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Connecticut's Safe Haven Law Saves Lives, But Advocates Say Awareness Is Key

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Connecticut's Safe Haven Law has been on the books since the year 2000 -- but supporters say it needs to be better known. The law allows a parent to legally and confidentially leave an infant at a hospital emergency room within 30 days of giving birth, if they are unable to care for it. 

Vanessa Dorantes, commissioner of the state Department of Children and Families said the law saves lives.

“Since the inception of the law in October 2000, 35 safe haven babies have been brought to emergency rooms across Connecticut,” said Dorantes, “so roughly two babies each year have been saved from possibly horrible outcomes. That proves the worth of the law.”

Dorantes said despite the law’s success, there have been tragedies. That's why state lawmakers, as well as state officials and members of the Safe Haven Working Group gathered in Hartford to raise awareness about the Safe Haven Law.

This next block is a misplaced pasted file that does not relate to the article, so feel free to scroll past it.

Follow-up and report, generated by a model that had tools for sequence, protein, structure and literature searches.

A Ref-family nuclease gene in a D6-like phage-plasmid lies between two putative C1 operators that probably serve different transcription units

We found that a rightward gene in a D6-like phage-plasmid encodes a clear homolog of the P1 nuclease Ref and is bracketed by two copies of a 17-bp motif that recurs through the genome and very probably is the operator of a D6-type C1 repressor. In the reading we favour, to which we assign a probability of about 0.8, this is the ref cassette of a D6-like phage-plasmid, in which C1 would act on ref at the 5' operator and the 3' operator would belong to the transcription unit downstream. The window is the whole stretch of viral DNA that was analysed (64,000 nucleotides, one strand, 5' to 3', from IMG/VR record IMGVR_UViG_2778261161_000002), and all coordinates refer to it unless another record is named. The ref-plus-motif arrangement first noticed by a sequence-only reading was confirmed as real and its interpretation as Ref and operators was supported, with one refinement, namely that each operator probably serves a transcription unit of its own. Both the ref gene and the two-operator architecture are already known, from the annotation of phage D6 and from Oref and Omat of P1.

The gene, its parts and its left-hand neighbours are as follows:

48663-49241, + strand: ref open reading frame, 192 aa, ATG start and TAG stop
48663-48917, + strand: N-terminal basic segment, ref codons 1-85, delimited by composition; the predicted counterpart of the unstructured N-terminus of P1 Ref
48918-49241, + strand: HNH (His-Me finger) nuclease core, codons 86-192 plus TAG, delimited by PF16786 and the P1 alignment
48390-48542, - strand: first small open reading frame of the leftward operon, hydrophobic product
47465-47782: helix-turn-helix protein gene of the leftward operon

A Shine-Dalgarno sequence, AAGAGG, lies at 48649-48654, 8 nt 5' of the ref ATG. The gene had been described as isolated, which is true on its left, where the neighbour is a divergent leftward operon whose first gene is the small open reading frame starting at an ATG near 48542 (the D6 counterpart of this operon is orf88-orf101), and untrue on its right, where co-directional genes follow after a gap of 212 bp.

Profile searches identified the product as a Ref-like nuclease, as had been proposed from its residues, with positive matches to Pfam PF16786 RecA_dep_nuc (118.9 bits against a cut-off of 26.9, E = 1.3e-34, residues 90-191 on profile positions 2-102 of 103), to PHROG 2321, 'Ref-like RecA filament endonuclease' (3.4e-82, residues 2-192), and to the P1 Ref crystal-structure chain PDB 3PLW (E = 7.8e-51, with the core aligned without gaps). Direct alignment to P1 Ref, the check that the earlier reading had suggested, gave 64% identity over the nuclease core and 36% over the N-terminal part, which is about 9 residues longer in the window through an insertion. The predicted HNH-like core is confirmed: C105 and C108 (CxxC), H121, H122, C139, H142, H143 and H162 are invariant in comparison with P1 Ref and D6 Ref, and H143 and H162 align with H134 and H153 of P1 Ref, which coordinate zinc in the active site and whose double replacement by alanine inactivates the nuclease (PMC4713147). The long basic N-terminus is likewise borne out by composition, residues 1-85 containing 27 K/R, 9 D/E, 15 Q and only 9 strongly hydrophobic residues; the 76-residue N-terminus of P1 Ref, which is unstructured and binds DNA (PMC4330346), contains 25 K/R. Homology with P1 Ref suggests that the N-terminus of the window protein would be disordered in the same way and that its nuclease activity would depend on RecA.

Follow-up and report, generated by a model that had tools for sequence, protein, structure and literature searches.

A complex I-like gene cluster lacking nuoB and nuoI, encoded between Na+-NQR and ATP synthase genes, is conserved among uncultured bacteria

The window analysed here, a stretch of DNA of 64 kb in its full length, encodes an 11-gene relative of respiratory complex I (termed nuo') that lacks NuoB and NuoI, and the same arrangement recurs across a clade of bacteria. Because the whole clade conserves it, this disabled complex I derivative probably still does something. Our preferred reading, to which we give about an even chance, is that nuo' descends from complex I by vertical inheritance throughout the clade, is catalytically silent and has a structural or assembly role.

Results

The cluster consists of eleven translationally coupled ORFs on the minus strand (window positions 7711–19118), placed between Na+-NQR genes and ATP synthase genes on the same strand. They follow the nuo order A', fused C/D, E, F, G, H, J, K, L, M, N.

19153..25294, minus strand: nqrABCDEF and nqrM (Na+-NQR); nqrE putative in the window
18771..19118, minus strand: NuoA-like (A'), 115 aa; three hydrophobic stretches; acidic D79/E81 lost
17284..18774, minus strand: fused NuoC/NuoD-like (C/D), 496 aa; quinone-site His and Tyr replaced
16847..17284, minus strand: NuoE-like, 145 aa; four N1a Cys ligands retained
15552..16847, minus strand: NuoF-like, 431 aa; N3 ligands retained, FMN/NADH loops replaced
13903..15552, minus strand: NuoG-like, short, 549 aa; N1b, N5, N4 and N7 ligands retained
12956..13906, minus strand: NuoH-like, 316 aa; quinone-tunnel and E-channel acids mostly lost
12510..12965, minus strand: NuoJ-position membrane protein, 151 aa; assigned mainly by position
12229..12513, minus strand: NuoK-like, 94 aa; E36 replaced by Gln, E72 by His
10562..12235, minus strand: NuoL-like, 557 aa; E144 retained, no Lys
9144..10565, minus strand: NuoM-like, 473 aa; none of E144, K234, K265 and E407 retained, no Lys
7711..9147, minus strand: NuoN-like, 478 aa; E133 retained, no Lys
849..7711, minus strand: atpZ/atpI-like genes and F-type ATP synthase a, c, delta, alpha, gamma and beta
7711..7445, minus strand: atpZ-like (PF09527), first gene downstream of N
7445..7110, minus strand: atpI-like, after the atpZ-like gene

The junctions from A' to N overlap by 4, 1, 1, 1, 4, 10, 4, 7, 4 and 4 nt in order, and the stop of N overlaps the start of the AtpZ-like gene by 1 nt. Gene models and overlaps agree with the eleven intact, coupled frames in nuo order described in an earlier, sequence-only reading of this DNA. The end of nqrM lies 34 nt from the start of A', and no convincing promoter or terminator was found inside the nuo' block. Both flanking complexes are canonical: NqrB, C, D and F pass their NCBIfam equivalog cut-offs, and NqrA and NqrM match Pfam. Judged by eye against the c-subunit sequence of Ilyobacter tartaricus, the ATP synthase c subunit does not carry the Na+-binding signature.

Working group member, former state Representative Pamela Sawyer touted a new Connecticut law which allows school districts to teach about the state's Safe Haven Law in public high schools.

“So we're able to reach out into some of those communities that may not follow the regular press,” said Sawyer. “They may be from immigrant communities. They may not speak English and have the same information, but they are coming through the school system.”

The law allowing outreach in high schools was introduced in response to a 2014 incident in which an East Hartford teen gave birth to a baby boy, then discarded him in the trash where he later died.

Ray Hardman is Connecticut Public’s Arts and Culture Reporter. He is the host of CPTV’s Emmy-nominated original series Where Art Thou? Listeners to Connecticut Public Radio may know Ray as the local voice of Morning Edition, and later of All Things Considered.

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